By Henry Oliner

The High Cost of Good Intentions- A History of U.S. Entitlement Programs by John Cogan may be the first comprehensive look at the growth and dynamics of this government function.  It is meticulously researched and documented, yet remains digestible for the nonacademic policy wonk.

There is a sense of balance from the endorsements on the back cover:  Alan Greenspan, George Schultz, Sam Nunn, Bill Bradley and Paul Ryan all lend their praises for this book.

There is recognition for the good the government has accomplished to help the poor and disadvantaged, but a sobering look at the failures to maintain fiscal prudence in their administration and funding.  Historical perspective illuminates problems that are repeated, the difficulties in controlling new programs, and the seduction of expanding benefits as a political strategy.

Beginning with the Revolutionary and Civil War Pensions there is a tendency to expand a program soon after its inception.  This expansion becomes a new base for further expansions.  The expansion comes from expanding the value of the benefits and the eligibility; the multiplier effect increasing the total dollar cost dramatically.

Once a target group is identified a sense of fairness drives an expansion of the eligibility requirements. First benefits are directed to those physically injured in battle, then expanded to those injured outside of the battlefield.  Soldiers suffering from other illnesses are included, and then soldiers falling on hard times after their service are deemed worthy. In the 19th century and after WW I all veterans were considered a special class worthy of government benefits. On the eve of WWI veterans benefits, mostly from the Civil War, consumed 20% of federal spending.

A budget surplus made veterans’ benefit expansion politically palatable. Surpluses in trust funds induced benefit expansion even if the general budget was not in a surplus.

In the 19th century fiscal conservatives warned of the rapidly rising costs of these pensions but demagoguing these issues for political gain is as old as the constitution.  FDR, with the backdrop of the budget crisis of the Great Depression, was able to reduce veterans pensions substantially for the first time in our history.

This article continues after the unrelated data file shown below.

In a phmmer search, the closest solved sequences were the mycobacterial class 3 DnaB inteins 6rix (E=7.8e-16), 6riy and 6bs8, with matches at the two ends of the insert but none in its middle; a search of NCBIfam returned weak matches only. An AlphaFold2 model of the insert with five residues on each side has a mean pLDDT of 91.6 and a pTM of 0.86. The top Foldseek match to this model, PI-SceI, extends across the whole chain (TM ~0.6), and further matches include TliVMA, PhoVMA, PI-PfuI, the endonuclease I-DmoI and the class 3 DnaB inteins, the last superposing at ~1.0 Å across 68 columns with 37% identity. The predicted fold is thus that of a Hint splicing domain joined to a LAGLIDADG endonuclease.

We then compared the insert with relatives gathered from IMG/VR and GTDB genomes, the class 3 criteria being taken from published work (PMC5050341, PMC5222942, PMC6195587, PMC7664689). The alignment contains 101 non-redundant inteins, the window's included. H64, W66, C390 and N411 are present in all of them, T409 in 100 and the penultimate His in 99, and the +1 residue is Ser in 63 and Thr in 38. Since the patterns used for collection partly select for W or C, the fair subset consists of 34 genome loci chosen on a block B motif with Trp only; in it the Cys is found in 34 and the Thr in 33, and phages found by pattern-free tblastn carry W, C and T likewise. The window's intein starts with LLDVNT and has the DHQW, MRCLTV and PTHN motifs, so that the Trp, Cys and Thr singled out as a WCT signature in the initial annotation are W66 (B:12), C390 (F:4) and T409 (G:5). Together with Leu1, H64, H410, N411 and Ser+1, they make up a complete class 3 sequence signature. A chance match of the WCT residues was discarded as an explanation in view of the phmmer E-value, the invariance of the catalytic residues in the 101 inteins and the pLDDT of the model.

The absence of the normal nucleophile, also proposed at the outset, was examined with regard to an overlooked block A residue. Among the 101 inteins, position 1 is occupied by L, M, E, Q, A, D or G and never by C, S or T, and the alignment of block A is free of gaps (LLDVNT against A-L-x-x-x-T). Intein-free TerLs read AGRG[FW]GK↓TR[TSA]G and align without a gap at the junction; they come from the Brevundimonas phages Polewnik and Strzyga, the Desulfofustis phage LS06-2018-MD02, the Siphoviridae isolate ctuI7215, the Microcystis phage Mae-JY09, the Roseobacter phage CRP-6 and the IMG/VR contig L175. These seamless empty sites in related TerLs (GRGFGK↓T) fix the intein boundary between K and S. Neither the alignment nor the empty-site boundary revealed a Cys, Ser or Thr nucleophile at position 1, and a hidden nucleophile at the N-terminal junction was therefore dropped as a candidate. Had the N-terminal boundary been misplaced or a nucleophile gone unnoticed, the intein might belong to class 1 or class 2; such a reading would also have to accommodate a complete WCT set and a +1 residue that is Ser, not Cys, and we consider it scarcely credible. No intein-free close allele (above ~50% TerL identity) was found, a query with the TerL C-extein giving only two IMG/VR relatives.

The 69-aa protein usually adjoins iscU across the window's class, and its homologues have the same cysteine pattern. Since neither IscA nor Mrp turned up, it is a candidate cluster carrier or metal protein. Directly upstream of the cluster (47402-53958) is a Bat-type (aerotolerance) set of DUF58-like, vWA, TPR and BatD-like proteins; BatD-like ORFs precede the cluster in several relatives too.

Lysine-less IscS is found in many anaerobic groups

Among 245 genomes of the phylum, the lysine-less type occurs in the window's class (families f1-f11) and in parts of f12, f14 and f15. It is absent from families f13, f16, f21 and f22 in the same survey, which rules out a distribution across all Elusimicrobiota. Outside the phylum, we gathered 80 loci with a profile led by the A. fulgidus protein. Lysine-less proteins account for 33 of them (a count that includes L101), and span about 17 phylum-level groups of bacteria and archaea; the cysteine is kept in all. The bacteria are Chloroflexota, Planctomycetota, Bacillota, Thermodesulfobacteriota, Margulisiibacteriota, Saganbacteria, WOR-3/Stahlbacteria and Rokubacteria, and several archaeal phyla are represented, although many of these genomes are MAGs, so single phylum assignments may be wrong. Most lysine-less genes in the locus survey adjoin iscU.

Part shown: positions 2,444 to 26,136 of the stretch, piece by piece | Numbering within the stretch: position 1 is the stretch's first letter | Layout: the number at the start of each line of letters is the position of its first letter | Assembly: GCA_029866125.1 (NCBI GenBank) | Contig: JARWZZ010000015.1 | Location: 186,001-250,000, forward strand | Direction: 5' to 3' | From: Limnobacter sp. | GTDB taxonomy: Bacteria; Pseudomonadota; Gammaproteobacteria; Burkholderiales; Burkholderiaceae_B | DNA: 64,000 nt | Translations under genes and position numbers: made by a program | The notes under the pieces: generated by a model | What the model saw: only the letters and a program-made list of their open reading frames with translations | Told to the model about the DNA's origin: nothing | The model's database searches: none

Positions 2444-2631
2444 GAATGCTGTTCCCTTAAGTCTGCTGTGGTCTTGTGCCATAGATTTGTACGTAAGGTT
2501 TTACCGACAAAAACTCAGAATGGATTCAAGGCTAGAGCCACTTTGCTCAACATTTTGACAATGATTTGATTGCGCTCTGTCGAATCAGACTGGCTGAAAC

FDR did not think that veterans should be entitled as a special class.  He began the expansion of social programs with Social Security in 1935, and it was expanded substantially in 1939.  As with the veterans pensions in the previous century this only raised the base for many increases to come.

The 20th century saw three structural changes that unleashed benefit expansion. The first was the acceptance of Keynesian deficits as policy during economic downturns. Gone was the fiscal restraint of the previous periods. To be fair Keynes saw periods of deficits to be followed by periods of surplus; and never proposed long term growing deficits. But if there is one constant in Cogan’s book it is our inability to prudently protect and manage a surplus.

The second change was Supreme Court rulings that elevated benefits to the legal protections of property, making even small cuts difficult.

Benefit programs grew further from the New Deal to the Great Society of Lyndon Johnson.  Social Security was expanded to include disability.  Medicare, Medicaid, AFDC, Food Stamps and a host of other programs were added. The prescription drug benefit was added to Medicare under George W. Bush, and of course the ACA was the pinnacle of progressive entitlements, despite its controversy and flaws.

Early programs made cash payments that required very little administration. But concern was raised how the poor would manage cash payments and benefits became more supervised by case workers.  This created a third structural change of government proxies and workers with an interest in the expansion of entitlement programs. This added to the cost of the programs and with the beneficiaries created a powerful lobby to maintain the benefits.

There were only a few times when benefits were scaled back. FDR’s cut in veteran’s benefits was the first and Clinton’s restrictions on welfare qualification was another.  Reagan passed a law to review those receiving disability benefits, but a public outcry led to a near unanimous reversal.  Contrary to political stereotypes two of the biggest cuts in entitlements came under Democrats and two major expansions came under Republicans Nixon and George W Bush with the Medicare prescription expansion.

The result of this history is that entitlements have expanded far beyond assisting the poor. Many of the benefits go to beneficiaries far above the poverty line. Congress has proven totally untrustworthy in managing surpluses or trust funds or maintaining a sound financial basis.   The explosion in entitlements is the primary driver of the post-World War II debts.

Entitlement growth will have to be restrained, but neither party is likely able to withstand the demagoguery that slams even the mildest cuts. The population will not tolerate a tax increase strong high enough to fund it, and such a tax increase would create a spiral of economic stagnation accompanied by demands for greater public assistance. Cogan believes a tax solution would require a 33% increase on all federal taxes. The middle class would face a combined federal and payroll tax of 40%.

It may be politically unpalatable to address entitlement restraint after a corporate tax cut, but the two are not related. We need a balance of spending cuts and a pro-growth economic policy.

To protect these benefits for those who need them we must recognize and clarify their limits. There are those who pretend this problem is inflated, and those who think we can just tax the rich to pay for them.  This is mathless fantasy.  We must resist the demagoguery that will inevitably follow. This book is a great tool to bring reason and facts to the ensuring battle.